Brexit’s Ironic Twists Hit Spain’s Biggest Industry

Peak Tourism” has already set in. Brits account for 22% of tourists in Spain. Now add Brexit.

In a delectable irony, two of the biggest corporate victims of a disorderly Brexit could turn out to be Spain’s flagship carrier Iberia and low-cost airline Vueling. Both companies are majority owned by British Airways’ parent company International Consolidated Airlines Group (IAG), which is UK-based. And current EU rules require European carriers to be both majority-owned and operated in the bloc.

If the UK leaves the EU on March 29, IAG will no longer meet those requirements. If the current legislation is not changed or a new loophole inserted into it, Iberia and Vueling’s European fleet could find themselves grounded in 70 days’ time. As absurd as it may sound, even planes shuttling between Spain’s two biggest cities, Madrid and Barcelona, could be refused permission to take off.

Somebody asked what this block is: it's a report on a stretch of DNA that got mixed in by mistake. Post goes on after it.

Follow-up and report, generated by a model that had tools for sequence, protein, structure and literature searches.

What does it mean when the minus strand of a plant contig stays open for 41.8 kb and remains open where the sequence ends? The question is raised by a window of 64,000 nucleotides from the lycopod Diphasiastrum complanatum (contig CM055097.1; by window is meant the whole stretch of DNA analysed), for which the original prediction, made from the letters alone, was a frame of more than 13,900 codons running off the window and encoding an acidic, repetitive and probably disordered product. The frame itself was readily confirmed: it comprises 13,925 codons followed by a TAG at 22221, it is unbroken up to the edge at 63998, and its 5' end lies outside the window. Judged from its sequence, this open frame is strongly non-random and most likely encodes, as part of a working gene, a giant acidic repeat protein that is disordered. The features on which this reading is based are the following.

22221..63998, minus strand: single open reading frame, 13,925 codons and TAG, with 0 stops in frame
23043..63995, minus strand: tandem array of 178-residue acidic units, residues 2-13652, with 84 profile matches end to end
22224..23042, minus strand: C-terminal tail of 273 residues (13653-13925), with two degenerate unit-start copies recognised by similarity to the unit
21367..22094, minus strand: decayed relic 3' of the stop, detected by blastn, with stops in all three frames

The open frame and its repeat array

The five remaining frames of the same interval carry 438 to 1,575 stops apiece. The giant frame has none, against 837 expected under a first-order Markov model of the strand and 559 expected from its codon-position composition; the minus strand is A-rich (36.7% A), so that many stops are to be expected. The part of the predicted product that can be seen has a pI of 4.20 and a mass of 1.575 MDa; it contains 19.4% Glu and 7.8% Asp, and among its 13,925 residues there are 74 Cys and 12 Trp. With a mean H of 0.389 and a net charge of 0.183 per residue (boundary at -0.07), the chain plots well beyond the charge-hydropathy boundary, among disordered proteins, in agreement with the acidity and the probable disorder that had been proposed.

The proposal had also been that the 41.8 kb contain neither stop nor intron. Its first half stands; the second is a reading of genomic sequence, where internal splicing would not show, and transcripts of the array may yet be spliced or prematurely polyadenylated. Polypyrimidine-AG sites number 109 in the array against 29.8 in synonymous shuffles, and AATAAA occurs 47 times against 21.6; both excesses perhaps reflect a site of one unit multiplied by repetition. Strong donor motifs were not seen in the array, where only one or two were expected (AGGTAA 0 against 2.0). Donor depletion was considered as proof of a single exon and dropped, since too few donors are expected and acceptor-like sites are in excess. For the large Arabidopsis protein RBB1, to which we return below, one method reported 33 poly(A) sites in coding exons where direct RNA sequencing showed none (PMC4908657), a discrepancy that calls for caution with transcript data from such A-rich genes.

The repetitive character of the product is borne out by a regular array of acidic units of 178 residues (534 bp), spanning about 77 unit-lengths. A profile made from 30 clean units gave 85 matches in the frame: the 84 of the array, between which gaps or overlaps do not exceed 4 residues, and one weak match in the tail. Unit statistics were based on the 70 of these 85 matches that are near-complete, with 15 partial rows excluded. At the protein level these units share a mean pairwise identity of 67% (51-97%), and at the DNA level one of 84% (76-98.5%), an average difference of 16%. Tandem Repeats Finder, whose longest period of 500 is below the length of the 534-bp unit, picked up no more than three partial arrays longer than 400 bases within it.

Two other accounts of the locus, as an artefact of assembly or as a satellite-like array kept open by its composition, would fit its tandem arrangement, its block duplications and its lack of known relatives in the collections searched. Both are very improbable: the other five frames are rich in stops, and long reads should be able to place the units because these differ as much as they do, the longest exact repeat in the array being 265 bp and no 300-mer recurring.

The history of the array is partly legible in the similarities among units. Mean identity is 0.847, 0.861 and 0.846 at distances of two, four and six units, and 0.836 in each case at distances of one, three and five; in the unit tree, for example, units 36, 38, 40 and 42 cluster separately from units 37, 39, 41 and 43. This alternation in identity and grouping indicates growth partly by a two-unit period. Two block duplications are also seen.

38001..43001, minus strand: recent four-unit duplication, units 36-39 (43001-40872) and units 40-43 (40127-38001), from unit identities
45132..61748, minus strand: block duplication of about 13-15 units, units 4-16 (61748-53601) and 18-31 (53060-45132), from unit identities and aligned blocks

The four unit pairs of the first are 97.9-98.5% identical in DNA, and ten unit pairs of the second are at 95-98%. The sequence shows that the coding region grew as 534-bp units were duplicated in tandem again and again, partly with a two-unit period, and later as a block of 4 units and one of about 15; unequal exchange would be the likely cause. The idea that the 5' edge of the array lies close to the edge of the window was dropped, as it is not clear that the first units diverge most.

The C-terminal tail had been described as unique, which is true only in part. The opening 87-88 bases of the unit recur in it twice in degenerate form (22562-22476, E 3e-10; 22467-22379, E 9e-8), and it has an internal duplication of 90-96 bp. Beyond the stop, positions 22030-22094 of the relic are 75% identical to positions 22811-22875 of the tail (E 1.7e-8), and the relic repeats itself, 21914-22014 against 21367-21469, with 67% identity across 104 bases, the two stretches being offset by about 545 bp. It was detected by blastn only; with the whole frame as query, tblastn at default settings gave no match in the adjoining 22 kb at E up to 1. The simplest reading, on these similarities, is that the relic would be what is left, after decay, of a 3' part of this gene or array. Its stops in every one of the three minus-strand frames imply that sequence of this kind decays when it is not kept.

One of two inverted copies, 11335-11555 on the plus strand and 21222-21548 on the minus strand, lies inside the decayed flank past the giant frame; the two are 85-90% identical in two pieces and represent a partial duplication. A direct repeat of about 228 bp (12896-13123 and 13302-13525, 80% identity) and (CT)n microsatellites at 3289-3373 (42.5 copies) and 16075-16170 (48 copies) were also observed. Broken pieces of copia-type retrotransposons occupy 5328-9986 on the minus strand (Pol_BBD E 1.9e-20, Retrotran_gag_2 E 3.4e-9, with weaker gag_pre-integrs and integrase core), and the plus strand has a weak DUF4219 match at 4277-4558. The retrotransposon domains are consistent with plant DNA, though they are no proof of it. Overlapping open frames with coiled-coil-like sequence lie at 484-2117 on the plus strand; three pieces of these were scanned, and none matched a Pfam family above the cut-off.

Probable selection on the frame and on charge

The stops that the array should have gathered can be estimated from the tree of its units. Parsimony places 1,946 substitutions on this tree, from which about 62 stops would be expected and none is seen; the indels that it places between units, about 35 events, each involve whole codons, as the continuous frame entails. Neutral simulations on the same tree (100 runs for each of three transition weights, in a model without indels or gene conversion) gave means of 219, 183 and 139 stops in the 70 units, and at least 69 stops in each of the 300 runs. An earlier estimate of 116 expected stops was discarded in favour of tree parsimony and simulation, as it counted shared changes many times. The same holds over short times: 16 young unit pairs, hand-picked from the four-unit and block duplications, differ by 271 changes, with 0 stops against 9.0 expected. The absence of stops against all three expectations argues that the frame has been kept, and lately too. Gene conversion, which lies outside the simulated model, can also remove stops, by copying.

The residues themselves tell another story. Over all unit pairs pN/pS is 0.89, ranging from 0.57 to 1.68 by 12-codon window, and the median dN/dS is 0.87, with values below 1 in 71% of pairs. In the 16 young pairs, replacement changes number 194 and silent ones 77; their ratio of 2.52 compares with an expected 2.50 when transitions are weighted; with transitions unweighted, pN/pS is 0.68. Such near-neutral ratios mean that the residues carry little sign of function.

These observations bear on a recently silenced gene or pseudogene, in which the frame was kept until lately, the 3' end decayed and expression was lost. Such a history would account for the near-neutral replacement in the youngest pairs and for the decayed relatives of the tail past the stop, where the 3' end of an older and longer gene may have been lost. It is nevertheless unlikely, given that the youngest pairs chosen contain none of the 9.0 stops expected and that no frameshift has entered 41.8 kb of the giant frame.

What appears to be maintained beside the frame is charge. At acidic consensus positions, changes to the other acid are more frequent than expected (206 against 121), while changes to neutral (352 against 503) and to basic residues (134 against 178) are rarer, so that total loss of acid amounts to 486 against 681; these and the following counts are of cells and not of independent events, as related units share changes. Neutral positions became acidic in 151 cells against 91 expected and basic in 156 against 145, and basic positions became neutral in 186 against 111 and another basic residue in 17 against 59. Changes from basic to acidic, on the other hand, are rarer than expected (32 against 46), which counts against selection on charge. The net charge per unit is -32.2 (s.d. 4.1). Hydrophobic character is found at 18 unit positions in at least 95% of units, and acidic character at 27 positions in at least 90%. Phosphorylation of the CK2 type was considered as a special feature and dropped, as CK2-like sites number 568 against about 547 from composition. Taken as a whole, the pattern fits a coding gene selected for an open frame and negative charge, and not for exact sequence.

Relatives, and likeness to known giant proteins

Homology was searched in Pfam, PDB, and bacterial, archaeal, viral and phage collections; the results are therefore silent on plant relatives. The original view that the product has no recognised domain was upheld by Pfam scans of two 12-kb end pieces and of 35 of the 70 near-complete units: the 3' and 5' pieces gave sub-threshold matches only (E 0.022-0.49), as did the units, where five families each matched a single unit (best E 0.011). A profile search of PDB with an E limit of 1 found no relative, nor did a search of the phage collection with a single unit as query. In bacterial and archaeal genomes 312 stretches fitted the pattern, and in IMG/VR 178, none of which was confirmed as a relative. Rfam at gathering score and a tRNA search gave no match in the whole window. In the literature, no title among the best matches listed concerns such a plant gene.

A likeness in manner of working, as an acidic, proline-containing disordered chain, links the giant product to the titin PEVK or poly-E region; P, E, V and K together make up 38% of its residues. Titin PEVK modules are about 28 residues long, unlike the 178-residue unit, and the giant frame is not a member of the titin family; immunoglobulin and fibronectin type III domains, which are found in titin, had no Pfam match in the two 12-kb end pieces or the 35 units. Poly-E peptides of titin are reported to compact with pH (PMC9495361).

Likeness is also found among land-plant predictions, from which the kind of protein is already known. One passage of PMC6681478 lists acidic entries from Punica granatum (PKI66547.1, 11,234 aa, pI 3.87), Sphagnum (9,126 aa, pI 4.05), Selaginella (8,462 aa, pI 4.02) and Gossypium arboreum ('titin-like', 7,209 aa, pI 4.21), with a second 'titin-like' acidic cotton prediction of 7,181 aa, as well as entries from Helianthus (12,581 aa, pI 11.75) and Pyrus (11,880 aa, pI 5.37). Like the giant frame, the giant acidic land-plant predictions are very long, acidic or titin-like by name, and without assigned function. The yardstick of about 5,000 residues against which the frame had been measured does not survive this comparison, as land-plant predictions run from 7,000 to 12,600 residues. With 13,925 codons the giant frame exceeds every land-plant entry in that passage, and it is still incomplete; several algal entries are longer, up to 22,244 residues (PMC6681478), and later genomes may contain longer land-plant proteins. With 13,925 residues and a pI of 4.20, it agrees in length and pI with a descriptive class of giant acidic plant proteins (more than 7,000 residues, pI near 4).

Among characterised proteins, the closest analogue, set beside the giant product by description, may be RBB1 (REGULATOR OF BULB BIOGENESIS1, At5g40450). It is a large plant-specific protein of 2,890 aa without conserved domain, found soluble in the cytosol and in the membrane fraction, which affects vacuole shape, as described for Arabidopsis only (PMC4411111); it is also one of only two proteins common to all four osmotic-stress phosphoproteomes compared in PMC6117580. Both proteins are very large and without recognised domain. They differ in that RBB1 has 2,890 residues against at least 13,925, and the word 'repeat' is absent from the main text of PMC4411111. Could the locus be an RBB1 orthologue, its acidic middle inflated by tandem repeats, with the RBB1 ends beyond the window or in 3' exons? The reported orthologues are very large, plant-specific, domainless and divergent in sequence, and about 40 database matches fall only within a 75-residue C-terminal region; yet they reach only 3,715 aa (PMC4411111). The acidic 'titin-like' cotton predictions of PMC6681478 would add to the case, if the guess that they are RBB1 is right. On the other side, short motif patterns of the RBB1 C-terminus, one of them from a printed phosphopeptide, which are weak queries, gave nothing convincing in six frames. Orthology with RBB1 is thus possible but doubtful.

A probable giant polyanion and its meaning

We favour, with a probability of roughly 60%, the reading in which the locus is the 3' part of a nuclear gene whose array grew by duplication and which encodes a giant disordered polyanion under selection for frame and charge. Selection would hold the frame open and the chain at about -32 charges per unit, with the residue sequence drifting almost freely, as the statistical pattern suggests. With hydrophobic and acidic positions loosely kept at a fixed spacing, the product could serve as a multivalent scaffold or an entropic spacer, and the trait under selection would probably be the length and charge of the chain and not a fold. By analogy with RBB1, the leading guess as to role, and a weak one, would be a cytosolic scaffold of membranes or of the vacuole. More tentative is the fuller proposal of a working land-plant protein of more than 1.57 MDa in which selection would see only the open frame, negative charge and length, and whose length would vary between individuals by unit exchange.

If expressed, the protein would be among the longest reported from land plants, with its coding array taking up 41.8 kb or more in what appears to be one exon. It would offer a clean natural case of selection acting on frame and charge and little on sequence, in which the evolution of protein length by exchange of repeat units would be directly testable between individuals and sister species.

In recent weeks, the two airlines, together with the Spanish government, have been trying to convince the European Commission that they are more Spanish than they are British, but seemingly to little avail. The major sticking point is the matter of ownership. Both Iberia and Vueling say that although they are both under majority British ownership, control is in the hands of one Spanish company. While IAG holds 49.9 percent of voting rights, Garanair, the remaining 50.1 percent voting stake is wholly owned by Spain’s struggling retail giant El Corte Ingles whose debt is currently junk-rated

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